Exploring e-discovery in federal courts

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The first year of a federal e-discovery program is now complete in the 7th Circuit, and despite its success one clear message sets the stage for how the pilot project moves forward: More Indiana judges and attorneys need to step up and get involved.

At an annual joint meeting of the 7th Circuit Bar Association and Judicial Conference for the 7th Circuit May 2-4, more than 600 lawyers and judges from the three-state Circuit converged on downtown Chicago for a conference that had at its core the e-discovery project that’s been under way since October.

With the pilot project serving as a backdrop, several seminars centered on the issue and each person attending a seminar the first day received a 70-page report on the first phase. The full 425-page report is available online at

james holderman Holderman

Running Oct. 1, 2009, to May 1, 2010, the pilot program is designed to streamline discovery and resolve e-discovery disputes by encouraging earlier and more informal meetings and conferences between attorneys and the court. A list of established principles identify the formats of this kind of contemporary discovery that are generally not required to be preserved in order to reduce litigation fights and overall costs.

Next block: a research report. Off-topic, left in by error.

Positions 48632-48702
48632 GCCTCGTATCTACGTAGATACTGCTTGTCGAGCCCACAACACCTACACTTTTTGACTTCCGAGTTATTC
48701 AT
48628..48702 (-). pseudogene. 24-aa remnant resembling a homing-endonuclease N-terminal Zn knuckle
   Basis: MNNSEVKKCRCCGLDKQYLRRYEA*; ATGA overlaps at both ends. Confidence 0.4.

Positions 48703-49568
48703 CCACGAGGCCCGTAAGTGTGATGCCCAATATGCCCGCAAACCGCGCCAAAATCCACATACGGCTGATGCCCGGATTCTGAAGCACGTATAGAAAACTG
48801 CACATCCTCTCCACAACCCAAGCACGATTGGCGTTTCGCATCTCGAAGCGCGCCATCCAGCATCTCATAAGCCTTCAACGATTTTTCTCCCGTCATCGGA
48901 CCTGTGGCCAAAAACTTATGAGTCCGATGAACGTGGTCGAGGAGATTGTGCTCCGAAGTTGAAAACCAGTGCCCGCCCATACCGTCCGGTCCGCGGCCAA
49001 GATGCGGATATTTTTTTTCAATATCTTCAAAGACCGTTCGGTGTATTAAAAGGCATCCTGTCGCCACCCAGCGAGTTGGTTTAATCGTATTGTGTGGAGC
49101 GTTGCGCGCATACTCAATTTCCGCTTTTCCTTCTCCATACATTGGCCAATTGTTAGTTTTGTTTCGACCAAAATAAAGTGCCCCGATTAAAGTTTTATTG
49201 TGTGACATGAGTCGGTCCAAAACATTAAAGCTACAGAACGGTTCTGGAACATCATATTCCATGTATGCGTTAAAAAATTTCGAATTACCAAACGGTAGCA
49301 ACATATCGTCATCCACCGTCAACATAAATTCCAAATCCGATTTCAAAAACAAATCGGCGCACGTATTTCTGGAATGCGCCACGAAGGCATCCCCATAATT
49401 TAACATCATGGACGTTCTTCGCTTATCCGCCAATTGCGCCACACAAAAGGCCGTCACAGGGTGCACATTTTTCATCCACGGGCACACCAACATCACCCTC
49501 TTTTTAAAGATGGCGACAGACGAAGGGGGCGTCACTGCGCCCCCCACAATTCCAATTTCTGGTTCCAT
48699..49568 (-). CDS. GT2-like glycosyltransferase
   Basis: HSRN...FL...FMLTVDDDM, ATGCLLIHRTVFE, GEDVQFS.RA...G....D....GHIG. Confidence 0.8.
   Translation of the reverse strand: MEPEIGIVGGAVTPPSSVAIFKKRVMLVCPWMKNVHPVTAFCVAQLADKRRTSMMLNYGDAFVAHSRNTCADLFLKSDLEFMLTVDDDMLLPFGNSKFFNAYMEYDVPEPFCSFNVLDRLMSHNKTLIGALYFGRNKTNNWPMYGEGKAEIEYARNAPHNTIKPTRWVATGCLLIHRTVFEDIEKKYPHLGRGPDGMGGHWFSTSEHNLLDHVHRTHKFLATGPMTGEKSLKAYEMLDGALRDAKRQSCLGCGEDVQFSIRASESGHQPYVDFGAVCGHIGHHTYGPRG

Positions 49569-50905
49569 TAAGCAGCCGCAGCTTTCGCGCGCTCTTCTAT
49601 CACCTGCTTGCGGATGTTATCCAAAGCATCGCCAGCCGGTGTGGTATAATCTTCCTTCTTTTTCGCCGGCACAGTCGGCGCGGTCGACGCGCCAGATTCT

“It’s a new decade, and it’s time for a new approach,” said Chief Judge Frank Holderman from the Northern District of Illinois, who led the pilot project’s first phase along with U.S. Magistrate Judge Nan Nolan. “E-discovery and electronically stored information is something that will be with us for the rest of our legal careers. That’s the way the world is now.”

On the opening day of the conference, Chief Judge Holderman pointed out that during United States Supreme Court Chief Justice John G. Roberts’ visit to Indiana University School of Law – Indianapolis in April, the justice spoke about the high costs of litigation that can stem from massive discovery. Chief Judge Holderman noted the irony that the comments came in Indianapolis, the same city where informal talks began at the 2009 7th Circuit meeting about establishing an e-discovery initiative.

“Judges and lawyers just haven’t been attuned to this … and that’s a frustration,” he said.

Those participating so far say the hope is that this multi-year, multi-phase process will change some of the distrust between opposing counsel and allow attorneys to get what they want in discovery quicker and more efficiently.

Generally, the pilot project is divided into early case assessment and education areas, with each of those subdivided into guidance regarding:

• The duty for attorneys to meet and confer and identify disputes for early resolution;